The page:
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Blog: Slap Shots
The Rangers’ interest in Alexander Radulov, as reported by The Post last Sunday, is conditional. General manager Glen Sather and the front office are weighing the prodigal Nashville winger’s upside against alternatives who might be available to fill the club’s need for an impact player up front, most notably including Rick Nash, Bobby Ryan and impending free agent Zach Parise.
But though the Blueshirts don’t appear ready to pull the trigger, we’re told there is at least one other team closer to committing to a deal for the rights to Radulov — who, all things being at least somewhat close to equal (with all things meaning, money), seems to prefer continuing his career in the NHL as opposed to returning to the KHL.
The argument against acquiring Nash is the same now as it was in the days preceding the February trade deadline — the overwhelming cost of his contract, which runs through 2017-18 at a charge of $7.8 million per season against a cap that will be recalibrated and might decrease beginning next season, plus the cost in terms of assets the Blue Jackets continue to demand in return for a player with no big-game record in nine NHL seasons.
Understand: Even if the Players’ Association eventually does accede to the owners’ expected request to reduce its cut of hockey-related revenue from 57 percent, there essentially is no chance the union will accept a rollback, meaning large contracts such as Nash’s could eat a greater percentage of a team’s cap over the next couple of years than over the past season or two.
This, too, about the Rangers: Though it is believed the club is focused on adding a winger of some renown, the organization’s most critical offseason analysis of personnel will center on young centers Derek Stepan and Artem Anisimov, following twin playoff disappointments.
If the front office isn’t confident Stepan — who was never quite consistent enough throughout his sophomore year in a top-six role and whose play deteriorated as the playoffs evolved — or Anisimov — who spent nearly all season on the wing anyway, and whose play was erratic throughout — can provide meaningful production as the second-line pivot, then the search for help might be better retrained down the middle.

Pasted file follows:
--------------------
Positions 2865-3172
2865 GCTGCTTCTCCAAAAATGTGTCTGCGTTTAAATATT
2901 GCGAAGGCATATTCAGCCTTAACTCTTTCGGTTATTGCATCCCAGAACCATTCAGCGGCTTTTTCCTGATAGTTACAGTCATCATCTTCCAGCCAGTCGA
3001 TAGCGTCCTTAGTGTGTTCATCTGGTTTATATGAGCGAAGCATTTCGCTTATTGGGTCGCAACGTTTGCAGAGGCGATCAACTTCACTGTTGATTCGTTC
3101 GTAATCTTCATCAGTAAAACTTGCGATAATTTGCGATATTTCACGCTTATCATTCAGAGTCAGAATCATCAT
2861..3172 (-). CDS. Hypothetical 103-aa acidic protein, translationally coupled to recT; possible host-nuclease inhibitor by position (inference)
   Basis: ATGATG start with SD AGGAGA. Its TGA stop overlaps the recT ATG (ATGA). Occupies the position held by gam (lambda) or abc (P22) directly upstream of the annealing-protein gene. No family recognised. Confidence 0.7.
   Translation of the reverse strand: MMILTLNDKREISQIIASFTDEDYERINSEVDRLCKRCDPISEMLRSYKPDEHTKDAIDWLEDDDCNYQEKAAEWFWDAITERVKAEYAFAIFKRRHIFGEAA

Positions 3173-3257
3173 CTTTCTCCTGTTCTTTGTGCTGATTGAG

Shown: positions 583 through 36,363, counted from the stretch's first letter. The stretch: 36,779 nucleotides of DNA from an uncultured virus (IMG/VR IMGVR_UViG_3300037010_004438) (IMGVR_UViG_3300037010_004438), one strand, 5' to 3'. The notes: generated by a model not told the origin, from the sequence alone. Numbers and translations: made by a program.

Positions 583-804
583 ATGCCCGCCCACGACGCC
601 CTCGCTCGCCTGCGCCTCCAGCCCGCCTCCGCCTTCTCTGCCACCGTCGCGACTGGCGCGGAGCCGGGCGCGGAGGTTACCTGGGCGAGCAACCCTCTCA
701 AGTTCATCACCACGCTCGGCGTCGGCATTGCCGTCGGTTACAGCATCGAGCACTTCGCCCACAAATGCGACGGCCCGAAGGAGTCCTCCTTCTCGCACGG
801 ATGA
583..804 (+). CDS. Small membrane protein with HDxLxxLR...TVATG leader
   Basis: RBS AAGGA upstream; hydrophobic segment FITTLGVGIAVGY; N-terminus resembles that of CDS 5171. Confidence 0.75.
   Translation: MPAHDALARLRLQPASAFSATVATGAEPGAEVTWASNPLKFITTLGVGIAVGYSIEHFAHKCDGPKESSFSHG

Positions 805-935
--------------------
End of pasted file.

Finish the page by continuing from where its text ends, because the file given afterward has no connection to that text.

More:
Which means Ryan Getzlaf most certainly would become an object of desire should the Ducks engage in discussions about moving the first-line pivot with one year at $5.325 million remaining on his contract before he goes free, and so would Jordan Staal, if the Penguins opt to move the center who has one year at $4 million remaining before he can hit the open market (under current regulations).
Should the Rangers sign impending Wisconsin free-agent defenseman Justin Schultz (and no one is suggesting they are front-runners, much less a lock), that’s the day Michael Del Zotto eminently would become more of a trade chip.
* Though general managers expressed near universal distaste for the current choked-up state of the game, in which more and more teams pack their defensive zones inside out while adopting shot-blocking as a primary focus, there apparently is no appetite for adopting the “no sliding” rule that would eliminate much of the problem.
Imagine if the NBA allowed its players to kick their legs out to block passes, or if the NFL allowed defenders to face-guard receivers. That’s the NHL not only allowing guys to slide in front of shots, but encouraging it.
* There is a precedent for a team trading a suspended over-35 player to create cap space to a club willing and eager to accept the hit, so the Bruins (under current regulations) presumably could deal Tim Thomas if the goaltender does in fact sit out next season, but it’s one that could cost Boston if that’s the route taken by GM Peter Chiarelli.
When the Devils sent the suspended Vladimir Malakhov (and his $3.6 million hit) to the Sharks in order to get under the cap days before the 2006-07 season, they had to surrender their first-round pick to San Jose in order for GM Doug Wilson to make the deal, in which he sent little of value other than relief back to Lou Lamoriello.
A floor team likely would have interest, but the definition of the floor might change under the new labor agreement, where actual payroll would become the floor rather than potential cap dollars, including unreachable bonuses and off-roster buyouts.
Had those conditions been in place last year, anyone believe Nino Niederreiter would have spent the season wasting away — uh, sorry; learning how to be a pro — on the Island?
This just in: Ray Bourque thinks Mike Richards, Jeff Carter, Justin Williams and Simon Gagne should ask Ed Snider for the parade route in Philadelphia.
Alexander Radulov, Rick Nash, NHL, NHL, Derek Stepan, Rangers, front office, front office, Larry BrooksFollow Larry, Artem Anisimov, Bobby Ryan, Ryan Getzlaf, the PlayersвЂ™ Association